Like most folks, I too have pondered a solution to Newtown and similar tragedies. How is it that we Americans kill so many, so often, so randomly? Michael Moore asks us to examine who we are? Others have proffered other explanations. I saw this in the paper and thought it might at least solve the issue of school violence:
The reality is there is no easy or single solution.
The 2nd Amendment to the Constitution guarantees the right to bear arms. However it makes no mention of bullets, so we might start there. My eight year old daughter suggested we make everybody secure their guns and bullets at the local police station and check them out when needed. That probably doesn’t comport with the 2nd Amendment, but it might save a number of children and visitors to shopping malls, movies, schools and local diners. With upwards of 300 million guns in circulation I’m not sure any kind of gun control will solve anything. By the time Congress acted most gun stores would be sold out anyway.
We could address mental health. However the issue of civil liberties (e.g. forced treatment, medication, civil commitment, etc.), not to mention the predictability of violence by those with mental health disorders is not easy to resolve. Indeed, while Adam Lanza was characterized as strange to his classmates, I haven’t read anything that suggests he was psychotic or violent in any way.
Several years ago I sat on a panel to discuss how to stem violence among young people. At the time I suggested it might be impossible in America given that our leaders choose violence to solve almost all problems we face. The panel met not long after the president – with overwhelming popular support – launched a pre-emptive, unprovoked war in the Middle East (I’ve always been somewhat naive).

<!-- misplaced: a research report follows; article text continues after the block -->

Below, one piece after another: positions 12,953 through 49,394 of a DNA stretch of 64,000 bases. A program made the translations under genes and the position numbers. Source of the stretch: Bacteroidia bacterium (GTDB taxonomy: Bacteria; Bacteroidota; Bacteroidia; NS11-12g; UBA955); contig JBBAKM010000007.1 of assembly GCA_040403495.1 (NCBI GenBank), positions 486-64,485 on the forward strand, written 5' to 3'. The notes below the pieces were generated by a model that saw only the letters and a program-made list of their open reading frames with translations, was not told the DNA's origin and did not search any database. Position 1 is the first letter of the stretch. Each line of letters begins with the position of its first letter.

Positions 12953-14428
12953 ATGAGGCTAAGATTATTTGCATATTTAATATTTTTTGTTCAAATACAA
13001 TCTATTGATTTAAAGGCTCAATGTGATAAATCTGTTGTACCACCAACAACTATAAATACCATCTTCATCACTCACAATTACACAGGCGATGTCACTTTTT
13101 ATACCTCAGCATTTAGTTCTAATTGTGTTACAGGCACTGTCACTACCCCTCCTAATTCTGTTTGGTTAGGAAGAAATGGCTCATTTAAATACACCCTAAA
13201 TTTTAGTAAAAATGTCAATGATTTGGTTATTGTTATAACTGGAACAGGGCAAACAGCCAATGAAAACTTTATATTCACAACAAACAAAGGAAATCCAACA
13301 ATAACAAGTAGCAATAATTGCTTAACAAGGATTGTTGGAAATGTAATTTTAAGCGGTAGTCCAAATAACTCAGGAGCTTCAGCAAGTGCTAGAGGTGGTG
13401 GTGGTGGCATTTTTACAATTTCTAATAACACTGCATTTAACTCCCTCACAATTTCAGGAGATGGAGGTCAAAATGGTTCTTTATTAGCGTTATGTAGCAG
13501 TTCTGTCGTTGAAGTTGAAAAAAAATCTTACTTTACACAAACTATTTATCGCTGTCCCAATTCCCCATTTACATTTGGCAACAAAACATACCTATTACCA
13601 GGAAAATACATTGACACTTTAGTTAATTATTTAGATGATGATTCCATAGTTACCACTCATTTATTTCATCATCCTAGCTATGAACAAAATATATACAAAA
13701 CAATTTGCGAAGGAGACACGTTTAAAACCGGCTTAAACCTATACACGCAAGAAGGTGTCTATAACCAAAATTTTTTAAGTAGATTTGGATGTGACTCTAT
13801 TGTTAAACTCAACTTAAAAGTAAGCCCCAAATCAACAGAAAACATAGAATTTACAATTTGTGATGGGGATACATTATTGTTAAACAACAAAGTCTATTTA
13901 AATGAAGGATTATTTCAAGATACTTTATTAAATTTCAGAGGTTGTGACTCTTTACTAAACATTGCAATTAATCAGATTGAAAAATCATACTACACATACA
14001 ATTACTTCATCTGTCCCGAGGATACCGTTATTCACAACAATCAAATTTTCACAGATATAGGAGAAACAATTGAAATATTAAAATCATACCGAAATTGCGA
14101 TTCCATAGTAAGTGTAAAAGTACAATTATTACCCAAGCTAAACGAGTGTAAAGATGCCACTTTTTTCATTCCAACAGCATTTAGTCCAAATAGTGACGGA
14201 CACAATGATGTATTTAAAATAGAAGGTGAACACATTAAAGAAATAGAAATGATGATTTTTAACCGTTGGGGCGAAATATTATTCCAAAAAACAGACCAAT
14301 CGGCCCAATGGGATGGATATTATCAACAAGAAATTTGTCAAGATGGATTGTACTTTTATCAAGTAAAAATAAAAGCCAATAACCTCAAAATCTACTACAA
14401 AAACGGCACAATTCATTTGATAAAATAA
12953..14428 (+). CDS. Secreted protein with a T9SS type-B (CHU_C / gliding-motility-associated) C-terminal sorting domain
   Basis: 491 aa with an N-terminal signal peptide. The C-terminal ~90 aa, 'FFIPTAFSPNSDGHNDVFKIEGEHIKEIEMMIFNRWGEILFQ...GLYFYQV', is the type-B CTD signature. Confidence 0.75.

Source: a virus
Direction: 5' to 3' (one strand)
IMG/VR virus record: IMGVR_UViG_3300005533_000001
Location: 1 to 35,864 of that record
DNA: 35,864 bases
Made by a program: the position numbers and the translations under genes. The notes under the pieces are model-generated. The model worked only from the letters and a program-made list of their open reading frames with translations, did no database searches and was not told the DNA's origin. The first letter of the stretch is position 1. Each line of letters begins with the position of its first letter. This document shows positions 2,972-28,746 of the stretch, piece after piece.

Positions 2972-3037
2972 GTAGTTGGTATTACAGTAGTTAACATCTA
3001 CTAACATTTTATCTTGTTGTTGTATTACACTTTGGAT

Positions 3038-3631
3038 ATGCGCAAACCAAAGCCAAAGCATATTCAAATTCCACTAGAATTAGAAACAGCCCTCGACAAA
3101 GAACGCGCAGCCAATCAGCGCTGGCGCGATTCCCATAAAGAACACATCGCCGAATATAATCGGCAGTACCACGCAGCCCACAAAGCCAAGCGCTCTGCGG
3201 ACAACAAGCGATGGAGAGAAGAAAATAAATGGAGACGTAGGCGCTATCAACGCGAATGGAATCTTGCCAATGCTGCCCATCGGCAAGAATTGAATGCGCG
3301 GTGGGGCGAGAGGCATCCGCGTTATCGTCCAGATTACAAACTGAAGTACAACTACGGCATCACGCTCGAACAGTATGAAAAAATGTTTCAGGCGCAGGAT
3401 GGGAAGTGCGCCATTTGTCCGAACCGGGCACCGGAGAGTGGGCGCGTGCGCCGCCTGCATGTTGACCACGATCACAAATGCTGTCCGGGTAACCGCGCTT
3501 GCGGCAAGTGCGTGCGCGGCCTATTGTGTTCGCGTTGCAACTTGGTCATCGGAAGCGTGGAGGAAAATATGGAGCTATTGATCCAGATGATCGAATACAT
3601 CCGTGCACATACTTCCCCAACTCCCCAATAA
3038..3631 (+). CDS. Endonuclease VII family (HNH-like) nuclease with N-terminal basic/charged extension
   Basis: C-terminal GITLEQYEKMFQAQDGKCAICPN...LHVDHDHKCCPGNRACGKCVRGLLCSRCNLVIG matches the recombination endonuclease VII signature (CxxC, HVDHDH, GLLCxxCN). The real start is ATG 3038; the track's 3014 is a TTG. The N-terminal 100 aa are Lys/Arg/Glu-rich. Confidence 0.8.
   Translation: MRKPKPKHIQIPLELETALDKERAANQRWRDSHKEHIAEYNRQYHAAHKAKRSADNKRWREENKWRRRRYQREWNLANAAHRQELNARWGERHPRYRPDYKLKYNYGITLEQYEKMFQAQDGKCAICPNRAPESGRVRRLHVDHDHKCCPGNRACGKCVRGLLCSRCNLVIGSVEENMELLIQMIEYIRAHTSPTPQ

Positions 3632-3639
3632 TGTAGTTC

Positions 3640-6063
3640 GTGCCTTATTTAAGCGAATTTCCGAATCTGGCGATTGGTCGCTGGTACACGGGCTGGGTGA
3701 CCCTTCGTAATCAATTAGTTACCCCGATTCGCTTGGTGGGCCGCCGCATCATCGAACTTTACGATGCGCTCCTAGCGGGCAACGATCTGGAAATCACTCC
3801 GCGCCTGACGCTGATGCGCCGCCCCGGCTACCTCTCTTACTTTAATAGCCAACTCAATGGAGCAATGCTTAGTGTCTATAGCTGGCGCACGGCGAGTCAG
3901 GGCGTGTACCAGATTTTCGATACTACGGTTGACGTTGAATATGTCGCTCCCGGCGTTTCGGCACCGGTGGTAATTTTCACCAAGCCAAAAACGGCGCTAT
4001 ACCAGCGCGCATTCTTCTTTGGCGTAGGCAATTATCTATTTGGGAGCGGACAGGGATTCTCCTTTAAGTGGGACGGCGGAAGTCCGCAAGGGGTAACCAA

School security has also been discussed a lot again. Just remember Sandy Hook already had a number of security measures in place and the Principal ran drills periodically for just the kind of event that took place on December 14, 2012. Columbine High School had an armed guard on campus the day Klebold and Harris attacked; Virginia Tech had their own police force.
So what do we do?
Don’t teach kids American history, they may repeat it; Don’t teach them current events, they may mimic them; Don’t teach them too many stories from the Bible, they may apply them; Don’t buy them video games, they may enjoy them; Don’t watch Hollywood movies, they may copy them.
What we have to do is reach out to young boys and men and talk to them. It appears to me that if there is anything that unites Klebold and Harris and Kip Kinkel and Holmes and Lanza it is loneliness. In busy cities and bucolic suburbs, these kids were able to isolate themselves. They weren’t just ‘strange’, they were alone. Each of us can enter their worlds, make eye contact, and listen.